Why Dancers Are Freezing Their Way to A Faster Recovery
Dancers are known for going to great lengths to prepare their bodies to perform at their best. But the latest recovery trend that dancers—and star athletes from Kobe Bryant to Floyd Mayweather Jr.—are using is perhaps the most extreme treatment yet.
Whole-body cryotherapy (as opposed to other forms of cryotherapy, such as an ice bath or an ice pack) is said to significantly speed up recovery time by immersing the body in a chamber of very cold air. Once only available in fancy professional sports locker rooms, there are now over 700 whole-body cryotherapy locations across the country.
What Is It?
Whole-body cryotherapy rapidly drops the body's skin temperature so that the brain thinks it's going into hypothermia. The body responds by sending blood to the muscle tissue and then constricting the vessels to send the blood back to the heart (a process called vasodilation and vasoconstriction), triggering in three minutes what the body normally does in 48-72 hours. This increased blood flow is said to help the body to flush out toxins more quickly and recover from soreness and injuries faster. (The treatment is done at wellness centers and spas, not in medical facilities.)
When To Do It
Though whole-body cryotherapy is most often used as a recovery tool, Mark Murdock, managing partner at CryoUSA, says it can also give dancers a shot of pre-performance adrenaline. And unlike other forms of cryotherapy, in the hours after doing whole-body cryo, dancers may find that they are more warmed-up and flexible than usual. (Murdock says that this is one of the biggest misconceptions about whole-body cryo: Many people think that it's like a short ice bath, but in fact the physiological response is completely different.)
But be wary of cryo wearing you out—it supposedly burns 500-800 calories, after all. New York City Ballet corps de ballet dancer Ashley Hod says the treatment made her feel fatigued, and helped her have the best sleep of her life.
Murdock says dancers could ideally do the treatment every other day—or more if they're recovering from an injury—though it comes with a fairly hefty price tag, with sessions averaging around $90 each. Don't try cryo for the first time right before an important performance or rehearsal in case it affects you adversely.
What It Actually Feels Like
Hod says it feels like a refreshing breeze. Photo courtesy Hod
According to Hod, cryo feels like when you open the freezer and feel a cold, refreshing breeze. (The air in the chamber can get as low as negative 250 degrees!) The day after, she finds that much of her soreness is gone. She plans to do it once a week as she prepares to come back from an ankle injury.
What You Should Know Your First Time
If you want to try it, Murdock says to make sure you get a waiver, have your blood pressure taken and are asked about any contraindications (meaning medical conditions that may make it unsafe for you to do cryo). You should also receive footwear and gloves to wear in the chamber. Make sure you're completely dry and clean, without any chemicals on your skin.
Don't overdo it your first time: Stick with a relatively higher temperature and only stay in for around two minutes.
Dancers are understandably obsessed with food. In both an aesthetic and athletic profession, you know you're judged on your body shape, but you need proper fuel to perform your best. Meanwhile, you're inundated with questionable diet advice.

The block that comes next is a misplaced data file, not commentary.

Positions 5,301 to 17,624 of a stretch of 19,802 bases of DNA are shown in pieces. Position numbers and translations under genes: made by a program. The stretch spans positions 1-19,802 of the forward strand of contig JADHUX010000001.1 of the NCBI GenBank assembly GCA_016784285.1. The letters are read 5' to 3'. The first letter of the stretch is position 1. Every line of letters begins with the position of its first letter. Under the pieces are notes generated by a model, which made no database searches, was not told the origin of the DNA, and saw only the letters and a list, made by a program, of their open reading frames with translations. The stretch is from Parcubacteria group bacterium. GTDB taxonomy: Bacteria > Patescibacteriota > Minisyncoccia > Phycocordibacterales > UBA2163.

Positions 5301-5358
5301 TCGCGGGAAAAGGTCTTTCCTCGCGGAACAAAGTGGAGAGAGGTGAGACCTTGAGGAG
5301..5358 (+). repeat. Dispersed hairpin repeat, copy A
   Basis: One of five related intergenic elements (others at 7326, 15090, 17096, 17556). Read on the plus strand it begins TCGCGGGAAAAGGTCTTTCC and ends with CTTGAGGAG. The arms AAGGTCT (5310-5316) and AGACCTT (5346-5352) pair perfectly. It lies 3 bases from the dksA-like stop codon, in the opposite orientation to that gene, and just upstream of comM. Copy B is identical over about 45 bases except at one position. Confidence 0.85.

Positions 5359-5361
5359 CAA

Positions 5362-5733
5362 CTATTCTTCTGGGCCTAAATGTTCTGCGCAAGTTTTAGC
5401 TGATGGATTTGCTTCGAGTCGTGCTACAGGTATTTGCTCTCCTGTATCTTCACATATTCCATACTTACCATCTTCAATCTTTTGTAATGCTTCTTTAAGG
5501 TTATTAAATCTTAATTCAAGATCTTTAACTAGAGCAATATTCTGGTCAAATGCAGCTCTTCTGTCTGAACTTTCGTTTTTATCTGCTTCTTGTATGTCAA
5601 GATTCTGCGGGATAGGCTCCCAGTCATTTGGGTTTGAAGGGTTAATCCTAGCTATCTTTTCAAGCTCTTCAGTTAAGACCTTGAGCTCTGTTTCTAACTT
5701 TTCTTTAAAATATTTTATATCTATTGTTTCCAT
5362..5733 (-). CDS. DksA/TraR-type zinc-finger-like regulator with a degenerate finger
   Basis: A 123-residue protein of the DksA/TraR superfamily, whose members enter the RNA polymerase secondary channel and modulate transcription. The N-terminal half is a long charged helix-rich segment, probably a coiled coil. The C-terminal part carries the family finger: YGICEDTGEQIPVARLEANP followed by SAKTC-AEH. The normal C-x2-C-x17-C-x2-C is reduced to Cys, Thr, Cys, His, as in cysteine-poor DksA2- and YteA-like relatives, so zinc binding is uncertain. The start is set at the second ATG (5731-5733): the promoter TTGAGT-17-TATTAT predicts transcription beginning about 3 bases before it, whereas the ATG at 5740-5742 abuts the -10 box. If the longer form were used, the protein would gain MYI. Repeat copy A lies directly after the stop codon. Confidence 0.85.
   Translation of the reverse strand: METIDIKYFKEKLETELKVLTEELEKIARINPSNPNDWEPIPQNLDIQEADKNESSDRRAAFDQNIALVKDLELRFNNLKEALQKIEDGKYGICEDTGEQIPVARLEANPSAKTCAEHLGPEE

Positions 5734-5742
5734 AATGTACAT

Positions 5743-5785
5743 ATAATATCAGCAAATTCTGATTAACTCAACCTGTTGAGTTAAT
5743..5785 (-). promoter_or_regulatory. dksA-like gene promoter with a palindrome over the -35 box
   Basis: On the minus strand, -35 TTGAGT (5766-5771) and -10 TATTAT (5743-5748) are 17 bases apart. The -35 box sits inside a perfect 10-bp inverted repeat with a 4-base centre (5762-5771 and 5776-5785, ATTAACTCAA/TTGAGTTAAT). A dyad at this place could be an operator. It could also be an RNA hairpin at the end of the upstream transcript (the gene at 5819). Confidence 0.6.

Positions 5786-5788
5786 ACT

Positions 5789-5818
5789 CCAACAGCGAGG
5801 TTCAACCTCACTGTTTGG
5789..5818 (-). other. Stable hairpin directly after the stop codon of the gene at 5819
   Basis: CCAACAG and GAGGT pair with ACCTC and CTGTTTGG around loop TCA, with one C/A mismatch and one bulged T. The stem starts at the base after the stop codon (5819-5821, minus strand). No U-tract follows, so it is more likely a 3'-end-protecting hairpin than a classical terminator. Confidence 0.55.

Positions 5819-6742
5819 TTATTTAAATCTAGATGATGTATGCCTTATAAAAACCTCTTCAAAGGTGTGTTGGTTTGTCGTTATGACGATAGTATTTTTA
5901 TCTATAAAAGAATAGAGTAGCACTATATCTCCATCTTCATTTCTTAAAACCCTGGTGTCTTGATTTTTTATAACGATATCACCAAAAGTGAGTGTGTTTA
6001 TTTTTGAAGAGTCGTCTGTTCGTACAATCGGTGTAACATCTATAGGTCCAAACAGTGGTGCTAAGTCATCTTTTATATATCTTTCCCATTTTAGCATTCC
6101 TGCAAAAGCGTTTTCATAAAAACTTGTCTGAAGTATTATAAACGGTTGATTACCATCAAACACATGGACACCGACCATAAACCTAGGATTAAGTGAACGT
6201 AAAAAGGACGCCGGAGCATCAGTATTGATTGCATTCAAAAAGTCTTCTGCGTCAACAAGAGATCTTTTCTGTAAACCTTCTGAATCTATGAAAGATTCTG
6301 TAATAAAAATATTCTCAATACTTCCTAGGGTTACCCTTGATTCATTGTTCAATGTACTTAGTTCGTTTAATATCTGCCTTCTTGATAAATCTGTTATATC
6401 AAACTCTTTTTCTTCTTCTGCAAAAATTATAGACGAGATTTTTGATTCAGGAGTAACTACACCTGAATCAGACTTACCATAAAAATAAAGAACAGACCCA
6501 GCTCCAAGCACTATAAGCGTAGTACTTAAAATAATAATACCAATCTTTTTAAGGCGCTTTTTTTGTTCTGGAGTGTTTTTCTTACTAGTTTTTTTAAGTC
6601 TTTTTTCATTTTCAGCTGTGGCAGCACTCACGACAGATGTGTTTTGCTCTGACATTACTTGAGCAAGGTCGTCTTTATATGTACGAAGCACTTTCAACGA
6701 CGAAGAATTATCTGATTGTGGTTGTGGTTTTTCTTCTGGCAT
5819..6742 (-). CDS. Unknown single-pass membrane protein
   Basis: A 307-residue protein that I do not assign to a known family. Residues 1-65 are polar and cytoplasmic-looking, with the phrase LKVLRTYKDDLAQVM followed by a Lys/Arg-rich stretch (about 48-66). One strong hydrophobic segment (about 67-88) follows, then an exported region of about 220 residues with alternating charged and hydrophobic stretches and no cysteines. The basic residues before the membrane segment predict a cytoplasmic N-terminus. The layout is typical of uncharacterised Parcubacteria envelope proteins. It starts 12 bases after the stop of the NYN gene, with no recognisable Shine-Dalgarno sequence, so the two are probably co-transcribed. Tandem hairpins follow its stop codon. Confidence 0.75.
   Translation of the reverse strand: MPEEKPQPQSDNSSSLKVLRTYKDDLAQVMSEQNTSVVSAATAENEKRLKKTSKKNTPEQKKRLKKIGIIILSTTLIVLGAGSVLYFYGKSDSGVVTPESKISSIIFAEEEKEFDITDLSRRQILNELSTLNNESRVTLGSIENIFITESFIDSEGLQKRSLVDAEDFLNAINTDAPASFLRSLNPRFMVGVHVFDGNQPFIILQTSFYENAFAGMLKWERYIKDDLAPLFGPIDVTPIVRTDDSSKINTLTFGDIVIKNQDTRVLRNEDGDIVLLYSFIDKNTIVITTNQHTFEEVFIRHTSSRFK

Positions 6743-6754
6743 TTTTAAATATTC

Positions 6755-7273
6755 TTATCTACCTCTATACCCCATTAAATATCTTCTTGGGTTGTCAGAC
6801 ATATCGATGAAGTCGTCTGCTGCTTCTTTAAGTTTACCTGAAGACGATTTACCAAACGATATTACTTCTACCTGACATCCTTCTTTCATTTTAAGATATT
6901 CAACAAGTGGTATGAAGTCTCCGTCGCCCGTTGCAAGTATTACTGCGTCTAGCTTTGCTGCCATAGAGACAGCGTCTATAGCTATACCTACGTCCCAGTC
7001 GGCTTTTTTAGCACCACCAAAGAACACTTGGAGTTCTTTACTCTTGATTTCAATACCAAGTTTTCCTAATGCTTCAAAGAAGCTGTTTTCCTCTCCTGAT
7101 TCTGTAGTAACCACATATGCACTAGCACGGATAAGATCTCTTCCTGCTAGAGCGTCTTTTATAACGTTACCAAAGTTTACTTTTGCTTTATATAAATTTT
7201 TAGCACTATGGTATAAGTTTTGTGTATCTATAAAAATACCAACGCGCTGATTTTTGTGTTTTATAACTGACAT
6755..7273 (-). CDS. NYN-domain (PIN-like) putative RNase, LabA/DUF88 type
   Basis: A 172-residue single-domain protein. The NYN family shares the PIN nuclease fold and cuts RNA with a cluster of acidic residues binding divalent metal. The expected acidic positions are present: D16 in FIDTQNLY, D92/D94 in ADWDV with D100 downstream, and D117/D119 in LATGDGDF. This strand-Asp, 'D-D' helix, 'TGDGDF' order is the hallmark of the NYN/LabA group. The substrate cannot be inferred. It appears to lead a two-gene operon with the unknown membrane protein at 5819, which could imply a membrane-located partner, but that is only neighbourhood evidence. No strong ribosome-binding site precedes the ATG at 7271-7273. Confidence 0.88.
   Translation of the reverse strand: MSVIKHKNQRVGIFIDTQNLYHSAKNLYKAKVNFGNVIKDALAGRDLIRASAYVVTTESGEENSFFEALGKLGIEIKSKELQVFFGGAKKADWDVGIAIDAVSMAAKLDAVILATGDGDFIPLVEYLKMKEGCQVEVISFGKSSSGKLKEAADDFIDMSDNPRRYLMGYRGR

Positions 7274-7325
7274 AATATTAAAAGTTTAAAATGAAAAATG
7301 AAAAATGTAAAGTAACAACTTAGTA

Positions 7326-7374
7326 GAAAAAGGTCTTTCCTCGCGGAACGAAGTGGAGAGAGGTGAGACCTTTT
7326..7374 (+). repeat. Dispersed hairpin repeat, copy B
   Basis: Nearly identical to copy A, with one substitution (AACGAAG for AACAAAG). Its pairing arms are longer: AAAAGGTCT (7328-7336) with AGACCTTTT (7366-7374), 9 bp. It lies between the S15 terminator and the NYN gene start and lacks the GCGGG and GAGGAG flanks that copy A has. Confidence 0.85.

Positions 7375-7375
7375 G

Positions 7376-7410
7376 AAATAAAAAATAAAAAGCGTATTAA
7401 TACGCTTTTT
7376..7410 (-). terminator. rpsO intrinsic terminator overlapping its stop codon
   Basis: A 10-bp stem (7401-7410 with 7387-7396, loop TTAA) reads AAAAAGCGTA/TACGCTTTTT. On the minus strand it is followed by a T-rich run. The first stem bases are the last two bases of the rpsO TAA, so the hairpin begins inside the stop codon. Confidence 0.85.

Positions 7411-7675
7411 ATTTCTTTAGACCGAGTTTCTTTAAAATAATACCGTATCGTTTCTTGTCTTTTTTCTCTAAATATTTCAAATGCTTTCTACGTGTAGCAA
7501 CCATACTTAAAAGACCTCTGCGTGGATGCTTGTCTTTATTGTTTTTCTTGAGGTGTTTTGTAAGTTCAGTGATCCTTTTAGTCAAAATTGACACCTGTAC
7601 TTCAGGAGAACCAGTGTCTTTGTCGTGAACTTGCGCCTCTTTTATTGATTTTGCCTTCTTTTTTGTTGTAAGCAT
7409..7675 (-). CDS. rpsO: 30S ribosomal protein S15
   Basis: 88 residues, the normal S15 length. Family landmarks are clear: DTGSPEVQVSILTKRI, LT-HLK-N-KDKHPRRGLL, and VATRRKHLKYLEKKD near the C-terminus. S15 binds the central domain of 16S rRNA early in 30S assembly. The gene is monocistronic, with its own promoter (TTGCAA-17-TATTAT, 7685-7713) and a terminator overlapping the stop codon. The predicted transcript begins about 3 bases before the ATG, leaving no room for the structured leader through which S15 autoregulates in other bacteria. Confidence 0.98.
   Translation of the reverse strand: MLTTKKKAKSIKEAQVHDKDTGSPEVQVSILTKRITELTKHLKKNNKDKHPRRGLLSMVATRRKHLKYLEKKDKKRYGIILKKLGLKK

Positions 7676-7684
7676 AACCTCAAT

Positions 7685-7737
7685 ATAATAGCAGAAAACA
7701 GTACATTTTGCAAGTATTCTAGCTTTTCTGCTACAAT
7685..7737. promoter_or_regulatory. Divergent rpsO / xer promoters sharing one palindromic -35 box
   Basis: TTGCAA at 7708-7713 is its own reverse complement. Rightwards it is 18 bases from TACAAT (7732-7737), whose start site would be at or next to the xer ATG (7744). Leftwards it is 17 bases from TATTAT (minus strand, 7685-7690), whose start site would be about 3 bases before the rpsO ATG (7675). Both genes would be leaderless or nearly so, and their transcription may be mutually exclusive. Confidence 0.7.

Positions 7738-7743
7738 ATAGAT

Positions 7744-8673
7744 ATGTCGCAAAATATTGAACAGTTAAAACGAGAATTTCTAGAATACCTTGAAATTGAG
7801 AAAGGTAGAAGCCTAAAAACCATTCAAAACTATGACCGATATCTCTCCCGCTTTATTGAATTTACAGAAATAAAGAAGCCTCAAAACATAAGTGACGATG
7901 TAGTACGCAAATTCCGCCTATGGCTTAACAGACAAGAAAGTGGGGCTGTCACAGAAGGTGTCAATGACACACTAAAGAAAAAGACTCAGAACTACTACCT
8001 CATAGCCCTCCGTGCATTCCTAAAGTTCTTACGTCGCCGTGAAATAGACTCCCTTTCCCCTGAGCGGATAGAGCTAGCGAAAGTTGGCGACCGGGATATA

"My 'favorite' was the ABC diet," says registered dietitian nutritionist Kristin Koskinen, who trained in dance seriously but was convinced her body type wouldn't allow her to pursue it professionally. "On the first day you eat only foods starting with the letter A, on the second day only B, and so on."
Back in 2011 when Joe Lanteri first approached Katie Langan, chair of Marymount Manhattan College's dance department, about getting involved with New York City Dance Alliance, she was skeptical about the convention/competition world.
"But I was pleasantly surprised by the enormity of talent that was there," she says. "His goal was to start scholarship opportunities, and I said okay, I'm in."
Today, it's fair to say that Lanteri has far surpassed his goal of creating scholarship opportunities. But NYCDA has done so much more, bridging the gap between the convention world and the professional world by forging a wealth of partnerships with dance institutions from Marymount to The Ailey School to Complexions Contemporary Ballet and many more. There's a reason these companies and schools—some of whom otherwise may not see themselves as aligned with the convention/competition world—keep deepening their relationships with NYCDA.
Now, college scholarships are just one of many ways NYCDA has gone beyond the typical weekend-long convention experience and created life-changing opportunities for students. We rounded up some of the most notable ones:
Yvonne Rainer's Parts of Some Sextets (AKA "the mattress dance") hasn't been revived since it premiered in 1965. Nor has Rainer had any wish to do it again, to ask performers to heave 10 mattresses around while carrying out 31 tasks that changed every 30 seconds. It was an unwieldy, difficult dance. (Even the title is unwieldy.) But Emily Coates, who has danced in Rainer's work for 20 years, became curious about this piece and was determined to see it again—and to dance in it. She will get her wish November 15–17, when the mattress dance will be performed as part of the Performa 19 Biennial.
"The show must go on" may be a platitude we use to get through everything from costume malfunctions to stormy moods. But when it came to overcoming a literal hurricane, Houston Ballet was buoyed by this mantra to go from devastated to dancing in a matter of weeks—with the help of Harlequin Floors, Houston Ballet's longstanding partner who sprang into action to build new floors in record time.